Into the quantiverse: real-world pricing goes arbitrage-free

QRM quants claim to have bridged divide across ‘multiverse’ of fixed-income models

In superhero movies, it is now almost de rigueur for the protagonist to battle an array of villains from parallel worlds, with the ultimate aim of restoring harmony across the ‘multiverse’.

A similar dynamic has been at work in quant finance, which – though it may not have the countless alternative realities of Spider-Man: Into the Spider-Verse or Everything Everywhere All At Once – has long been divided into two worlds.

In the first, quants use the so-called real-world or physical ‘P’ measure to describe markets, and manage the risks therein, based on observable data. These quants rely on factor models for applications such as market forecasts, portfolio management, value-at-risk or stress testing.

In the second, pricing models are developed using the risk-neutral ‘Q’ measure to satisfy the no-arbitrage condition.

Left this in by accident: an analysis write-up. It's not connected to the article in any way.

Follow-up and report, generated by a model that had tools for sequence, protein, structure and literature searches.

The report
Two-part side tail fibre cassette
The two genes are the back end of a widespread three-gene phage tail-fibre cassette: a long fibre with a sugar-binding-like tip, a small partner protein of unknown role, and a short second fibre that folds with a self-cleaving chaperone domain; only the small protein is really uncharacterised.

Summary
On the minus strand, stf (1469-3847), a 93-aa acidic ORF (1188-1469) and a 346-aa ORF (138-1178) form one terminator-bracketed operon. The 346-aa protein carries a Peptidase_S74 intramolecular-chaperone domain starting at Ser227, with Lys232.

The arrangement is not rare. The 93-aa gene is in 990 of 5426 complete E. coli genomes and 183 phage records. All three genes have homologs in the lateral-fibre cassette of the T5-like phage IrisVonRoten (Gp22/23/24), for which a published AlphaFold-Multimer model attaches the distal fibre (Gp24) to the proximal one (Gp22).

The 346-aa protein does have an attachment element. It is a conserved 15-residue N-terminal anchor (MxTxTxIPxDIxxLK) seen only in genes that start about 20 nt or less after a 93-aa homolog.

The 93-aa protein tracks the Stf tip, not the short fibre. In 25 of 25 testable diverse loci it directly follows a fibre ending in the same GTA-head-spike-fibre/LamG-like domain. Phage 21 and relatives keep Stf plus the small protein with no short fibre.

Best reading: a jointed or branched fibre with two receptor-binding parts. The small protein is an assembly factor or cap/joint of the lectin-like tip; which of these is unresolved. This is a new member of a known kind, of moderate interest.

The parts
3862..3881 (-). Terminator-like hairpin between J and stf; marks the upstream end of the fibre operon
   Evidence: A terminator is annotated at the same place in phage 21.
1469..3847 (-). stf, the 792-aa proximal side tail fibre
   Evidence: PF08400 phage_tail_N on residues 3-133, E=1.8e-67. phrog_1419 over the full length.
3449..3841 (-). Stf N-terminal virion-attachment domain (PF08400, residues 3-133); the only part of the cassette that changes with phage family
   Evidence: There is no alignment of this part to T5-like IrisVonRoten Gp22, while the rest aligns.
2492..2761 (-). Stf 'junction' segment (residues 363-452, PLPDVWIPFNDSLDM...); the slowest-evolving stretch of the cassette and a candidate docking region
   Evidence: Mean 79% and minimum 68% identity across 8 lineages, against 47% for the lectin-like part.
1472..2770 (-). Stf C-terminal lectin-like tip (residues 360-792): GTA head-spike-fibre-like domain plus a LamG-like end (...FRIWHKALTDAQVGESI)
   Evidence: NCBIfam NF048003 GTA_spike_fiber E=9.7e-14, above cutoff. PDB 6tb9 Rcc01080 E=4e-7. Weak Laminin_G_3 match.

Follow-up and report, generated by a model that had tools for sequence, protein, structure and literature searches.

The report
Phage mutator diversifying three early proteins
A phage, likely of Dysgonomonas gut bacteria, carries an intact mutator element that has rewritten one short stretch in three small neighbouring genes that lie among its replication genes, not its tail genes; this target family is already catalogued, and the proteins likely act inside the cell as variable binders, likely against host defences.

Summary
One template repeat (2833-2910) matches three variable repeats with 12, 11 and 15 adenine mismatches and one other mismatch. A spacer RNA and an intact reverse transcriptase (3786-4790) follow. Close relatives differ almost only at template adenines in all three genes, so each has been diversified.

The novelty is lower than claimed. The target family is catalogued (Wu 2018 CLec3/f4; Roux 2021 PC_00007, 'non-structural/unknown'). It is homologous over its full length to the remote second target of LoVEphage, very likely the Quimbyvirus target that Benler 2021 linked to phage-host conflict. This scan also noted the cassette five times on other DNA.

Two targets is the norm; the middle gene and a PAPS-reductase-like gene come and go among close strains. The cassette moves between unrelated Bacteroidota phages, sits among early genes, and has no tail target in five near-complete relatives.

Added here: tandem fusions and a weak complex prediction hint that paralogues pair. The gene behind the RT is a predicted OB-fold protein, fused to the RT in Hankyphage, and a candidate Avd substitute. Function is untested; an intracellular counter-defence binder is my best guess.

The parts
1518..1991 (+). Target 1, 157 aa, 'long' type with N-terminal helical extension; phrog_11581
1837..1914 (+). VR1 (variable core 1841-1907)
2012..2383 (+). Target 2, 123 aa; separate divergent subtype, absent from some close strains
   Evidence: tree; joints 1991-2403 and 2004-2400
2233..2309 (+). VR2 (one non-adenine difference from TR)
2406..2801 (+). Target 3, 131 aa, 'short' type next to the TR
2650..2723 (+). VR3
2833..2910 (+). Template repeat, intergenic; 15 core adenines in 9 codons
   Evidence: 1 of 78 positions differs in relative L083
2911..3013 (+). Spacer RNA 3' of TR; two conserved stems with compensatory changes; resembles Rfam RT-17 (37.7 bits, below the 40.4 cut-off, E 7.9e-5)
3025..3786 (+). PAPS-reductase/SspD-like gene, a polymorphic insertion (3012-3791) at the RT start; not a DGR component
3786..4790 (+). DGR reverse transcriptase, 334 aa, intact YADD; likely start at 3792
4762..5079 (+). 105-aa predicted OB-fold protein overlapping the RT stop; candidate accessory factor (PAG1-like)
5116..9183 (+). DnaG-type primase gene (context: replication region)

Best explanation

Image: Entertainment Pictures/Alamy Stock Photo
Like Spider-Man, quants are trying to bridge different worlds

These worlds have co-existed, with virtually no interaction, in every asset class.

Now, two quants at a Chicago-based consultancy have taken on the mantle of Miles Morales and Evelyn Wang, and claim to have bridged the two worlds – at least in the realm of fixed income.

Andrei Lyashenko, head of market pricing and risk models at Quantitative Risk Management, and his colleague, research analyst Yevgeny Goncharov, have developed a risk-neutral framework consisting of easily interpretable factors.